It is no secret that U.S. Rep. Corrine Brown doesn't like the new east-west configuration for her District 5 congressional seat. But will she abandon it all together for a shot at a new Central Florida district that is being eyed as the new frontier for electing an African-American to Congress?
That is the rumor these days, although Brown's office isn't addressing it directly. When asked whether Brown was considering a run in District 10 instead of trying to hold on to her seat in North Florida, her spokesman David Simon passed along a statement that didn't really answer the question.
"I filed a lawsuit in federal court to ensure that minorities have access to proper representation and the ability to elect a candidate of their choice," Brown said.
That isn't a "yes," but it most definitely isn't a "no."
The new map, as recommended by a Leon County Circuit judge and pending with the Florida Supreme Court, would make it difficult for Republican Congressman Daniel Webster to hold on to his seat in the new District 10. Brown currently represents a tiny amount of the residents in the Orlando district, but she has campaigned in and around the area for the last 20 years and has built up a constituency base she is now fighting to keep.
Former Orlando police chief Val Demings and current state Sen. Geraldine Thompson, D-Orlando, have already announced they will run in District 10 in 2016. (Some blogs have reported former state Sen. Gary Siplin might enter the race, too.)
Now, Brown's name is in the mix. Thompson said she was aware of the rumors but not sure how much credibility to give them.
“I had heard that had been discussed, but she has not made any public statement that I’m aware of that indicated that is her intention," Thompson told the Times-Union.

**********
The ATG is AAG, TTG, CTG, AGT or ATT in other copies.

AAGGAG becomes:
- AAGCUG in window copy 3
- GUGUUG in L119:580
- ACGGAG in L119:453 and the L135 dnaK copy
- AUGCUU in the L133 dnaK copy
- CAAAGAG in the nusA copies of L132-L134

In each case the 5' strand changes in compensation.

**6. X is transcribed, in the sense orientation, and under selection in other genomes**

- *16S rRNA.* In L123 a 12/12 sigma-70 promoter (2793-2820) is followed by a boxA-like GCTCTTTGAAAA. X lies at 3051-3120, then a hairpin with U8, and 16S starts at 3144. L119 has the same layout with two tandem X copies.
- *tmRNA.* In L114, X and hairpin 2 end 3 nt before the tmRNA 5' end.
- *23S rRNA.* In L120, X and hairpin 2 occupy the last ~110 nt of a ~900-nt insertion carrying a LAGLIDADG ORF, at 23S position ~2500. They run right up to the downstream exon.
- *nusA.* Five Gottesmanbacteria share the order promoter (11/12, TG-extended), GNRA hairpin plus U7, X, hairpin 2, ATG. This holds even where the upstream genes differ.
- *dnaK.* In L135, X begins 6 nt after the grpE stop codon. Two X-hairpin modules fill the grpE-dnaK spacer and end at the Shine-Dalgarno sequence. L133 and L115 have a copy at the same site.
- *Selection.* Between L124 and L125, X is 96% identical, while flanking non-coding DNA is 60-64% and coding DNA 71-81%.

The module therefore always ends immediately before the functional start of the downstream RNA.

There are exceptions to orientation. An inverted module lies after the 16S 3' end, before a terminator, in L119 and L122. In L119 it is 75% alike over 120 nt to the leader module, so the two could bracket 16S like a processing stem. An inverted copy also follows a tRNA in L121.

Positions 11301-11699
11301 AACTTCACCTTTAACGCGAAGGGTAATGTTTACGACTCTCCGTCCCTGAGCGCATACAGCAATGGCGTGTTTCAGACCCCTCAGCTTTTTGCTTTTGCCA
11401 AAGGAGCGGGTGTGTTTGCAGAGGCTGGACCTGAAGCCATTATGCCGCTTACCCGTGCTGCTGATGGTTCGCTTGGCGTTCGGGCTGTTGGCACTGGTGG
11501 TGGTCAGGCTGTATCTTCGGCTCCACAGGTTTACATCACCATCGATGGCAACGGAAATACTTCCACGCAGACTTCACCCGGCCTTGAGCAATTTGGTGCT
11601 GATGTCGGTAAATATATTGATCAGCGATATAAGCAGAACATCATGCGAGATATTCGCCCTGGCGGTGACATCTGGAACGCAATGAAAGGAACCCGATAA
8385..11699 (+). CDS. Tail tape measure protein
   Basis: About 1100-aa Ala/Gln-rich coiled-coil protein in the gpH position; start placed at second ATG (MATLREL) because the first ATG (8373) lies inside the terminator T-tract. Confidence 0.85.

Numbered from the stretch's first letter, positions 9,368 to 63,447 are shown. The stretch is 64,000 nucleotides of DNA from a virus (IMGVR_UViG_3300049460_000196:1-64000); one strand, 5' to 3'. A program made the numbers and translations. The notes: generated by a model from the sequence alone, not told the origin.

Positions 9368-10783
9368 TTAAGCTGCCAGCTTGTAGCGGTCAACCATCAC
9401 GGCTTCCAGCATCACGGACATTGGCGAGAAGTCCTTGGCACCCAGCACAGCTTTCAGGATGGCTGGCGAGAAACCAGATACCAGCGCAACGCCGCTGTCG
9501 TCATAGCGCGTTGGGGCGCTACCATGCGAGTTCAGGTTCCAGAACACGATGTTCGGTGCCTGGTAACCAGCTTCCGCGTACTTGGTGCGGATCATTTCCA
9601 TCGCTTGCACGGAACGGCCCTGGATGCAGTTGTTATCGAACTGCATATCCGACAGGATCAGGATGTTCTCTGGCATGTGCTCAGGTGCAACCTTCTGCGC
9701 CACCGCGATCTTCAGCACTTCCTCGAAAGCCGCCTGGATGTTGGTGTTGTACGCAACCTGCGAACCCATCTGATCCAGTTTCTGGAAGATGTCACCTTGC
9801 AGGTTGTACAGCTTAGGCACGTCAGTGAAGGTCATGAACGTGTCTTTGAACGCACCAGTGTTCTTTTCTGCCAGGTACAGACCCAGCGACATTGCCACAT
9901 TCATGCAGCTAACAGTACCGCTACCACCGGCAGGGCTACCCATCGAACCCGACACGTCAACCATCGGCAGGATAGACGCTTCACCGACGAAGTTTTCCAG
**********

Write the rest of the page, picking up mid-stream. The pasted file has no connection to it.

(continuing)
But that doesn't mean Thompson hasn't research the implications of a Brown candidacy in District 10. Thompson likes her odds; she points out that her entire Senate district is within the new congressional district's boundaries. And she said District 10 known as a coalition district because black and Hispanic voters would have to vote similarly in order to elect a minority is different than District 5, which even in its new east-west configuration is designed to be heavily African-American.
As Brown said in her statement above, she continues to argue that the new District 5 is unlikely to elect a black Democrat. Rep. Janet Adkins' seemed to lend credibility to those concerns when, during a private meeting of Republicans, she said inmates were packed into Brown's new district and can help flip it Republican. Brown has also voiced concerns about the Central Florida constituents she would leave behind if her district is redrawn, arguing they would lose their voice in Washington.
Even if Brown does decided to run for re-election in her North Florida district, which the new map has stretching from Jacksonville to Tallahassee, she could also have Democratic primary opponent there. Former state Sen. Al Lawson, a prominent politician in the area, has said he is considering whether to run. Popular freshman Congresswoman Gwen Graham could also decide to run in District 5 instead of her current District 2, which in the new map is heavily Republican.
In a blog post on her official website written before the judge's latest redistricting ruling, Graham said she will wait for the process to reach a conclusion before deciding next steps.
"Unfortunately I don’t have an answer as to how this will end," she wrote. "With this rudderless, leaderless crew in Tallahassee — crippled by ugly partisanship — there’s really just no way to know. But I firmly believe there’s no sense in speculating about 'what-ifs.'"